“Do you ever buy organic food?” I asked my wife. She quickly answered, “No”. Then I asked, “Why do some people buy it?” She replied what most people say, “Because it’s free of pesticides”. But is this true? And with increasing food prices is it prudent to spend hard-earned dollars on organic farm products?
Why am I scratching my head? It’s because I’m writing about head lice and even the thought of having this crawly beast, “Pediculosis capitis”, in my hair triggers this reaction. It also makes me understand the traumatic, emotional and embarrassed reaction of parents (and child) when they’re told, “Sarah (or Johnnie) has head lice”. Now that school has started, over a million parents in this country will hear this news. Fortunately, a new “Sahara Desert” treatment rids families of this common pest.
It’s been said that a little knowledge is an dangerous thing. A report from The Mayo Clinic shows that this is particularly true when the subject is ovarian cancer. And it illustrates how easy it is to both inform women and worry them at the same time.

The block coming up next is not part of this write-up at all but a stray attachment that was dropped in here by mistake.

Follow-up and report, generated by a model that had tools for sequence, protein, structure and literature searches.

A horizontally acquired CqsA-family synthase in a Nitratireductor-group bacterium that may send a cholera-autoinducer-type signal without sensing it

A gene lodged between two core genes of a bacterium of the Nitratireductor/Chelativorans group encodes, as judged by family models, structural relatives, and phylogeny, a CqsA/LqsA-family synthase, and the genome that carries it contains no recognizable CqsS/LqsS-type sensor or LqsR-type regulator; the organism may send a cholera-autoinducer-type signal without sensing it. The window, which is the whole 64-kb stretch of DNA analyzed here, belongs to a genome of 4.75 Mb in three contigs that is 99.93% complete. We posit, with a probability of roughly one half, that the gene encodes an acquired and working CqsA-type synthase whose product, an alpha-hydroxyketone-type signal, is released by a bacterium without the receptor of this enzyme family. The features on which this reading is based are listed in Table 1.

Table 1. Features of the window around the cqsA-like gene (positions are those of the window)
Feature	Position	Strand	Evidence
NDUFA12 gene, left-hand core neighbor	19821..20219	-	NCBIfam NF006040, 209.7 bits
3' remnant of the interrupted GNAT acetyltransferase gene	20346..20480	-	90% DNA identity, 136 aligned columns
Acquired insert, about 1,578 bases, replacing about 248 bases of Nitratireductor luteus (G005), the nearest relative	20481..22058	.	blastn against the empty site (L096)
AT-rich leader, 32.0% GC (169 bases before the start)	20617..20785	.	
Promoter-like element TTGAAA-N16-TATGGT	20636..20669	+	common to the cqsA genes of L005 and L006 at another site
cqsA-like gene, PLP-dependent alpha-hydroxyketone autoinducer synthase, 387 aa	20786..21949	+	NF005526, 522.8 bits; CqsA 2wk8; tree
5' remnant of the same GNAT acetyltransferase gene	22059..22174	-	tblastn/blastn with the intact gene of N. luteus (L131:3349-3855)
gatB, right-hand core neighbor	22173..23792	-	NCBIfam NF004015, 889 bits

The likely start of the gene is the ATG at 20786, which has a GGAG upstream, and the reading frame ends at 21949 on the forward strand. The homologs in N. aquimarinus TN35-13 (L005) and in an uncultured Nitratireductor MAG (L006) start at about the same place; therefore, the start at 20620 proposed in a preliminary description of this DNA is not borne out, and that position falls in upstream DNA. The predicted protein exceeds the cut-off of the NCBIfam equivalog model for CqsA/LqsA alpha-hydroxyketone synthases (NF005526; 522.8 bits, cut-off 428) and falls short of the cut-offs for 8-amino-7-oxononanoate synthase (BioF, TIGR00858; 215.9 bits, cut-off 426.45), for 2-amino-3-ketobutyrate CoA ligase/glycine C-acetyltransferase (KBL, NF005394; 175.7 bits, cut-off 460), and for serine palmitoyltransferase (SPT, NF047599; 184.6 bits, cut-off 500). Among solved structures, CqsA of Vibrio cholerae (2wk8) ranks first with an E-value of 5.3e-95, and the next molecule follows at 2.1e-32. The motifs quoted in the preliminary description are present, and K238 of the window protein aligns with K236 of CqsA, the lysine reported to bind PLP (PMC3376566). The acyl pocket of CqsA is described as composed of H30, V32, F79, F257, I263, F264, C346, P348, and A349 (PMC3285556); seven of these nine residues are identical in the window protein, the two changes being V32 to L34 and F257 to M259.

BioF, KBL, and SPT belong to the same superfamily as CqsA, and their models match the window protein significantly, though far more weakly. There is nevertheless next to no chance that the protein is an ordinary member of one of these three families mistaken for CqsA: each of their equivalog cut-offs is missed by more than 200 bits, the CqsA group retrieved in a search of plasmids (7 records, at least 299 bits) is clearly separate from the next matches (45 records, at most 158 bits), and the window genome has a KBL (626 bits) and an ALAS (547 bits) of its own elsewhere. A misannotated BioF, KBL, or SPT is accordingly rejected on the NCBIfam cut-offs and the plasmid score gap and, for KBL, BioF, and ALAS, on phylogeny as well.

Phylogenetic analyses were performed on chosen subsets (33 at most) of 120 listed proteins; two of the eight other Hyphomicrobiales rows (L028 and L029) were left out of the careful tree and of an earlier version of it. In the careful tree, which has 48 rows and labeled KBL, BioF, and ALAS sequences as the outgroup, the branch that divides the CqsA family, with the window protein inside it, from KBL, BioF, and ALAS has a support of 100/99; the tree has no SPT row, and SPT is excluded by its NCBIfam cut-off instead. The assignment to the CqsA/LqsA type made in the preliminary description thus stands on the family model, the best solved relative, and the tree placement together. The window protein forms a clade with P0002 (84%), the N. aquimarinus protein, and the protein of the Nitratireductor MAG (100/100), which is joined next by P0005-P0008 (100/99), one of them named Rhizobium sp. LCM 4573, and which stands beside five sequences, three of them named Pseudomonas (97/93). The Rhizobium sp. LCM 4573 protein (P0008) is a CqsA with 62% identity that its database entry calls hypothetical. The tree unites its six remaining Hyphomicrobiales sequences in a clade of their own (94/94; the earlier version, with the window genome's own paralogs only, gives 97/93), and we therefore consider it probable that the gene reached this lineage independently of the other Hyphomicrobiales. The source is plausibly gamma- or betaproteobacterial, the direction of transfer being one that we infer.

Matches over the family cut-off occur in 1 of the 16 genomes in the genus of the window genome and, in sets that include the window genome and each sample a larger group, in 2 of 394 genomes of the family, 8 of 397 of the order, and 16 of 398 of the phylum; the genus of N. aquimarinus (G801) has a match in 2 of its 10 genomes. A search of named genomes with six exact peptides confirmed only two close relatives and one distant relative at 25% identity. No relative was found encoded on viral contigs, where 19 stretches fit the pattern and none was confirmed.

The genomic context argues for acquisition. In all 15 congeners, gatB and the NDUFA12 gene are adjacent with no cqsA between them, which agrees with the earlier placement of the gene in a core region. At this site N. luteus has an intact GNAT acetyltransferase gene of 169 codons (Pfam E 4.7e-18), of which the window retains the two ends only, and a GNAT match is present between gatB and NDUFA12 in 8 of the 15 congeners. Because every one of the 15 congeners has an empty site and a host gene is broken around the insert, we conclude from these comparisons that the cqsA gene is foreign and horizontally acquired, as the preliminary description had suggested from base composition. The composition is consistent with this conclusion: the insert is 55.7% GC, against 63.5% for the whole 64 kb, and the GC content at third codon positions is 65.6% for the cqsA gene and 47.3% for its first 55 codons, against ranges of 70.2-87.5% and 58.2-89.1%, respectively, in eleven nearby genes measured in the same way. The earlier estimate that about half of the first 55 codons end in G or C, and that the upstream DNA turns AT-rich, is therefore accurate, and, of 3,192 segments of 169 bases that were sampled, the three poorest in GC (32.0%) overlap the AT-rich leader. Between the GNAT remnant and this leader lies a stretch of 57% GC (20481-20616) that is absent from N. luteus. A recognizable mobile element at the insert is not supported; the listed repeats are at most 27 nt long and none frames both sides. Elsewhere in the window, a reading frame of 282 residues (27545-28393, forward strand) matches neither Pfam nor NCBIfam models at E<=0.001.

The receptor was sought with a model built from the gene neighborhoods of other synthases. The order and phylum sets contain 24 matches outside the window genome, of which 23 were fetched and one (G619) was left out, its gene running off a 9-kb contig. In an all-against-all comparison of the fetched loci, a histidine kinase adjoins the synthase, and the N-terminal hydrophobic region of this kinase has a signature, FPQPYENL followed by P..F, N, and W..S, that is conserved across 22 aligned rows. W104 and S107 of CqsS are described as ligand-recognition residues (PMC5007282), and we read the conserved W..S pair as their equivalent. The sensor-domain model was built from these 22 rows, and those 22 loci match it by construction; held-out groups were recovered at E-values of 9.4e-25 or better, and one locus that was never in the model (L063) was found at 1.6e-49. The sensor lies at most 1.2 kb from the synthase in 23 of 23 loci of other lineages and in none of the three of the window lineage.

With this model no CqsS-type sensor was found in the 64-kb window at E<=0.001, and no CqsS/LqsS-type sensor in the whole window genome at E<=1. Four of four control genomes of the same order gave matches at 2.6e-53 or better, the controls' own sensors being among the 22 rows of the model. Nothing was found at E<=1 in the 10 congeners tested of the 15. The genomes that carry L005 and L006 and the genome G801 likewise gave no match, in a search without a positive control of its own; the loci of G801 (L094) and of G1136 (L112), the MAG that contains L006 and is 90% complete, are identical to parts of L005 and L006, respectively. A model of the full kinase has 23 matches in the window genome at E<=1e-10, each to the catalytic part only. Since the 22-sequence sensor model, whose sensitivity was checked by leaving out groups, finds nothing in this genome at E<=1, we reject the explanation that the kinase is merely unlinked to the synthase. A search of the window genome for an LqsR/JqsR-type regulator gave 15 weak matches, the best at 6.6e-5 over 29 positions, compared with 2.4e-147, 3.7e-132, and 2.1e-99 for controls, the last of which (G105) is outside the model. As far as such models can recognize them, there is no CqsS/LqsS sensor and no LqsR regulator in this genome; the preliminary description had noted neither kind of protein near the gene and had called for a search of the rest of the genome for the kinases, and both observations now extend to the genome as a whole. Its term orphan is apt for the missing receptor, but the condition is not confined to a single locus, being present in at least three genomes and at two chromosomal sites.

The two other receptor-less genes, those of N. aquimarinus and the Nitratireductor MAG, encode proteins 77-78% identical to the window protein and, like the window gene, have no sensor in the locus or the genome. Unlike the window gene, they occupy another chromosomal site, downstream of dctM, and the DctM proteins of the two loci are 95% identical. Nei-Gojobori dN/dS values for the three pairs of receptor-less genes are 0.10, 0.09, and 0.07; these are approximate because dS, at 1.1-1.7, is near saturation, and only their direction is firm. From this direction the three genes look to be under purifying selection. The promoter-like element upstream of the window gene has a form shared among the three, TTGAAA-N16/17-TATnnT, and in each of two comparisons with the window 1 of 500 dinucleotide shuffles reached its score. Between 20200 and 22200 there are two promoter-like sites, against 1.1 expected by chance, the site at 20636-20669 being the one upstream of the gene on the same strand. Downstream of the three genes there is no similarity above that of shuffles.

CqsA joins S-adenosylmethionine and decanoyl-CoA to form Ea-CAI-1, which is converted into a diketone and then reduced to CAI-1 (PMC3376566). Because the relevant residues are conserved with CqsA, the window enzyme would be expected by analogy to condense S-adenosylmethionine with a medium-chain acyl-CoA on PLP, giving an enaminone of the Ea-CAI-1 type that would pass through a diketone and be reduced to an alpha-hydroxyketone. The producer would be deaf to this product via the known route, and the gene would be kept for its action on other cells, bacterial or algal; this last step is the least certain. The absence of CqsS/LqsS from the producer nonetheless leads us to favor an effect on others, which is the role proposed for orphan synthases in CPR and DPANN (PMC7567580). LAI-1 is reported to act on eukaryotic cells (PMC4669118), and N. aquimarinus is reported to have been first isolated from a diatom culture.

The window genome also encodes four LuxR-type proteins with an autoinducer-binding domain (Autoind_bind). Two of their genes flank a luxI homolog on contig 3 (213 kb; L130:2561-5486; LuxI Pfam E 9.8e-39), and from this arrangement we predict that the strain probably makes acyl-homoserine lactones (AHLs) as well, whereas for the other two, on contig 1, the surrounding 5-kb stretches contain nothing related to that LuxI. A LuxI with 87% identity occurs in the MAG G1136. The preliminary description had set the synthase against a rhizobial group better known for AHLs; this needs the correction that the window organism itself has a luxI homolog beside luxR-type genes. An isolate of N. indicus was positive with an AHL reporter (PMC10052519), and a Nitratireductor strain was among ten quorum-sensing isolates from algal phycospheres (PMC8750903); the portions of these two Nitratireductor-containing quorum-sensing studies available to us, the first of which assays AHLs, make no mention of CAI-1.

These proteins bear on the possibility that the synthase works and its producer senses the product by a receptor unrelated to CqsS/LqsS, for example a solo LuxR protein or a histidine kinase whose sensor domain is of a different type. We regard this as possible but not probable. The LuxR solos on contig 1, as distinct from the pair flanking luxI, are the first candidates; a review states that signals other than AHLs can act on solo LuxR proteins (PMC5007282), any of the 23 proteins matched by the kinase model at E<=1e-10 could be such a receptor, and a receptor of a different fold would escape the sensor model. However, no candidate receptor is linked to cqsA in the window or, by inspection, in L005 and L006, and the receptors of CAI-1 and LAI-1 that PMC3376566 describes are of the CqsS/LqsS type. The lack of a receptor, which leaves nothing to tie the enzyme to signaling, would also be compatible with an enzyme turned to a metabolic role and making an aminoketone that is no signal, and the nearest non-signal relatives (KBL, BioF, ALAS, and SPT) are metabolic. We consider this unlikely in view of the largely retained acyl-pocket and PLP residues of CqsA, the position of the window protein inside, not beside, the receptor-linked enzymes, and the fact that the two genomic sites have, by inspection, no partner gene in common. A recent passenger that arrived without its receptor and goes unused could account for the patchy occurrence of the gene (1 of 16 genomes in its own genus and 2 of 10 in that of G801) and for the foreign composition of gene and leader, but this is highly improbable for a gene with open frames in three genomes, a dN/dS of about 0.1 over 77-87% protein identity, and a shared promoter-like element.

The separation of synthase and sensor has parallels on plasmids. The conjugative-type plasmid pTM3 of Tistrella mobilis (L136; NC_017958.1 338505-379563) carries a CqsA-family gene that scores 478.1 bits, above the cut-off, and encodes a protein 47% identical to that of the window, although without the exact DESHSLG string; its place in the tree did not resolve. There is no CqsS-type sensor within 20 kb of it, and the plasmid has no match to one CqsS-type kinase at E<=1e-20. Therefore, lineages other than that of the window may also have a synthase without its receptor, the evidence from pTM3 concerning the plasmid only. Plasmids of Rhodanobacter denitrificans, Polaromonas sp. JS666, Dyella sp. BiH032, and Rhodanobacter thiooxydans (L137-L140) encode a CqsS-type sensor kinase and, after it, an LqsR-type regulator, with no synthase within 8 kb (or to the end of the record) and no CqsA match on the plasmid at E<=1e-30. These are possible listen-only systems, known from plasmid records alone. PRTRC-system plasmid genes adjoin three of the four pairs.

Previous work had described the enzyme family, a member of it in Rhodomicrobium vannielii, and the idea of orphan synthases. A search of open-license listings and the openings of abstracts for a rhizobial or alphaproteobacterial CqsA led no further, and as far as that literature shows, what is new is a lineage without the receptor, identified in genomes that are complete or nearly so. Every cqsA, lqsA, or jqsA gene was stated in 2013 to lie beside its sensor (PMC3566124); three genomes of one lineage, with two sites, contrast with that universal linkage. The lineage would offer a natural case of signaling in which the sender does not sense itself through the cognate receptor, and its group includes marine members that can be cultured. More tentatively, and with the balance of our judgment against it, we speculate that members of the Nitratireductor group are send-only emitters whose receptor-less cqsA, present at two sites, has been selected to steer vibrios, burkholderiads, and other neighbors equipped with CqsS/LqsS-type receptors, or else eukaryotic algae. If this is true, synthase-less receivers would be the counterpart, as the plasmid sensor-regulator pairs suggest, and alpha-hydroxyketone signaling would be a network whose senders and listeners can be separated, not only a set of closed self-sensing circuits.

“Desperate diseases require desperate cures”, wrote the immortal bard, William Shakespeare. For grossly obese patients this means putting part of the stomach and small intestine out of commission (bariatric surgery). But this is not minor surgery and patients should know the risks before making this desperate decision.
“Why don’t you go to lunch? I’ll wait here until he dies”, I suggested to the nurses. The patient was a 90 year old Baptist minister, and after days of futile treatment for cardiac problems I was sure the end was imminent.
“What causes liver disease?” Ask anyone this question and 99 percent will answer, “It’s imbibing in too much Cabernet Sauvignon or other alcoholic drinks”. But today the liver can be injured by a host of less known, but equally hazardous habits. So how are you being unfriendly to your liver? And what can we learn from the “Mayflower”, the ship that carried Pilgrims to this continent in 1620?